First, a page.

Red Bull has launched a new social media tool that is aimed at helping music and sports fans "reclaim" their social media feeds by allowing them to communicate without being constricted by Twitter’s 140-character limit.
Dubbed Shout/out, the product harnesses speed-reading techniques in order to help users communicate at live events without the need for brevity, with the brand claiming it is the first time speed reading technology has been handed over to consumers.
The tool was created by London-based agency the Marketing Store and works by letting users share posts through Red Bull’s website. Their messages are then rendered into an animated speed reading gif where each word appears in rapid sequential order. Though fast, the messages can still be read by the human eye and Red Bull will give users options to customise the post with imagery before hitting send.
As well as being available to fans attending Red Bull events, the tool will also be used by the brand’s athletes and artists to broadcast their experiences in real-time. Shout/out provides each post with unique standout, which the company said has been designed to help users cut through the clutter of “boring, uninteresting or sponsored posts and get noticed by fans and peers alike.”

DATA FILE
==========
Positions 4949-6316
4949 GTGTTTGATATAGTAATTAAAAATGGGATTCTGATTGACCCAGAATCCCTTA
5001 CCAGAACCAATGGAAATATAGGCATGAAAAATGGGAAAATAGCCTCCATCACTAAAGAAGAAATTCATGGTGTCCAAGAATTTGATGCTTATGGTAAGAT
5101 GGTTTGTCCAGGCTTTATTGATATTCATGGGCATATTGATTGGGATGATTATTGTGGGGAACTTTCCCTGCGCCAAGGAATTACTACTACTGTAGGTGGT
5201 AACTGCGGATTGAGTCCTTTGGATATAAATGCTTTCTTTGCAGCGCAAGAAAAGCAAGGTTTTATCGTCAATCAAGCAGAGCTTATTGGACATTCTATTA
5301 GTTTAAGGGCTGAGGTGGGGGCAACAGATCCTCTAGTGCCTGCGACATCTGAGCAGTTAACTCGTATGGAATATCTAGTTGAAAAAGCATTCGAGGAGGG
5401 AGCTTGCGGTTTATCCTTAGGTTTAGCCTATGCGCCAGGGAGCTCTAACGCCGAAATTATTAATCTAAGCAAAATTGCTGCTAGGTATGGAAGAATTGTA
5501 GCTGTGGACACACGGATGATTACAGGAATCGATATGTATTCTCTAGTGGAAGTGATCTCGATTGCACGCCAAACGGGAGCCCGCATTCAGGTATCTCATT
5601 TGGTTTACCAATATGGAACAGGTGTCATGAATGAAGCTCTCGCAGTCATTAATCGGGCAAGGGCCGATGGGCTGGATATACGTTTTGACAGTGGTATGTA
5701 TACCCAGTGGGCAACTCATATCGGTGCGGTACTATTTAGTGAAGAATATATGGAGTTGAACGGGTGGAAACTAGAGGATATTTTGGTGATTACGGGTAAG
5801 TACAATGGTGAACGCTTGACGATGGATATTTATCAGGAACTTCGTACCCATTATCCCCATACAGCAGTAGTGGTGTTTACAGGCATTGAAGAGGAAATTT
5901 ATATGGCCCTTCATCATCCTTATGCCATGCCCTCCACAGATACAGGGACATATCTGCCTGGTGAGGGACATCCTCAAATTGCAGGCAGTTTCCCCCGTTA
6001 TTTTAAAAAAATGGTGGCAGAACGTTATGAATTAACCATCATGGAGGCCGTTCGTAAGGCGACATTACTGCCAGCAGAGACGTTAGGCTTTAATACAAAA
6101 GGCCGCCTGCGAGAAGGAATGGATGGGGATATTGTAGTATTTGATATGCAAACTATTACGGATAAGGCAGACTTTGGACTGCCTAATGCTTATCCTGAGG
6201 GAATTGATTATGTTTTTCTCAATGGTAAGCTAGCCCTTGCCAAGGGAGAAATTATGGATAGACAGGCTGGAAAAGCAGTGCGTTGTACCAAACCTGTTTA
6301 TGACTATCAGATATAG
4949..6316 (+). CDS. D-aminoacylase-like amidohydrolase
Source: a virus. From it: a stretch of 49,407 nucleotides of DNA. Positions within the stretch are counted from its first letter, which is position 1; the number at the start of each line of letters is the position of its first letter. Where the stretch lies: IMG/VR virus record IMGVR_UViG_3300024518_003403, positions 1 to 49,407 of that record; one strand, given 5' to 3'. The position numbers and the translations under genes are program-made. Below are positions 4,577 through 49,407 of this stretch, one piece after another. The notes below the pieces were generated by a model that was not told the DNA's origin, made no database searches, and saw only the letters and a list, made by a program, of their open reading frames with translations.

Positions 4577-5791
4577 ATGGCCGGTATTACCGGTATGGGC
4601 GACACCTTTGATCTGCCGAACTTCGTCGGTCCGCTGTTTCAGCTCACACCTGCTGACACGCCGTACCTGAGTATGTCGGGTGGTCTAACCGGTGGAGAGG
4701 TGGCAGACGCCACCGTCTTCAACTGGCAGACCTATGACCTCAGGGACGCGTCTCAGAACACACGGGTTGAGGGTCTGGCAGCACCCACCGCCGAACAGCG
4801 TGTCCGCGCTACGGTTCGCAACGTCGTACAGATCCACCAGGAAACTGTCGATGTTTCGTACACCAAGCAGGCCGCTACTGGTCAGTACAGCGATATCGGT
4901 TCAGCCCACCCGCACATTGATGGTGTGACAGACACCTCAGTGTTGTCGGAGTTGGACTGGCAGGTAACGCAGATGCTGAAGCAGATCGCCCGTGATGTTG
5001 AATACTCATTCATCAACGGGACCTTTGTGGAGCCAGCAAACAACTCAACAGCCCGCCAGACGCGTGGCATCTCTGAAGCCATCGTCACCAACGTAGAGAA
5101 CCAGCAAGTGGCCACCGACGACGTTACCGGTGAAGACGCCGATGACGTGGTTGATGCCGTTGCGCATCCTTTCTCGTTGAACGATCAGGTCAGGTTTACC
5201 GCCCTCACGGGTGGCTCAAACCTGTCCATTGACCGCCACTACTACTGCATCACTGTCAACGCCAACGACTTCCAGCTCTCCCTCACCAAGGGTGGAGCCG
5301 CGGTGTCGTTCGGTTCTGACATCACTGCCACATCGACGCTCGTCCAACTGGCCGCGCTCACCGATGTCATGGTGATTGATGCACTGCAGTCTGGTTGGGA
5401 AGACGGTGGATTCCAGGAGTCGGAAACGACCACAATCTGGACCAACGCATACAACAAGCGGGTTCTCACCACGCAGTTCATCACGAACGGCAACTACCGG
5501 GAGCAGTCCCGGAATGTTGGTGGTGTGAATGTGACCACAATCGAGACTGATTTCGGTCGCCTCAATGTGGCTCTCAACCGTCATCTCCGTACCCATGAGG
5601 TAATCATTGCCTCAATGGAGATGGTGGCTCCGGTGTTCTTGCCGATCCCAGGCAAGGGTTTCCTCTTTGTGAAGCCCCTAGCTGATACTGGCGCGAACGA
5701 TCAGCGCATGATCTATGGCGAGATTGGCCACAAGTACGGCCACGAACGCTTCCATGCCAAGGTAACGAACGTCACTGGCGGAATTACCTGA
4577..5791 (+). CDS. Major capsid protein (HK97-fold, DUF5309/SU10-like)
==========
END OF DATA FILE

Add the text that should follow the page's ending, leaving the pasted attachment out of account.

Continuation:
Speaking to The Drum, Chris Tyas, head of digital at The Marketing Store, said: “The need to express yourself and be heard is a key part of what makes us human. However, the full power and emotion of the written word is slowly being diluted as Facebook and Twitter specifically engineer their platforms to capitalise on promoted content, and in doing so reduce the impact of organic content.
“The Marketing Store and Red Bull decided to take a stand and reclaim social feeds for the consumers. We’re pleased to have worked with Red Bull to create this world first, to help people express themselves better, get noticed, and give their words wings.”
On the use of gifs, which have been integrated on platforms like Tinder and Twitter this year, Tyas said: “Gifs are simple and effective ways to share content in a universal format, and there’s definitely been an increase in their use by brands and consumers."
But for GIFs to really kick-on in popularity, he added, sites such as Twitter need to be "more progressive" with their formats.
"At the moment they haven’t found a display mechanic that matches the vast potential of fast mobile connection and hi resolution screens," he finished.
Earlier this week Red Bull inked a global deal with Tag Heuer, appointing the watchmaker as its official timekeeper.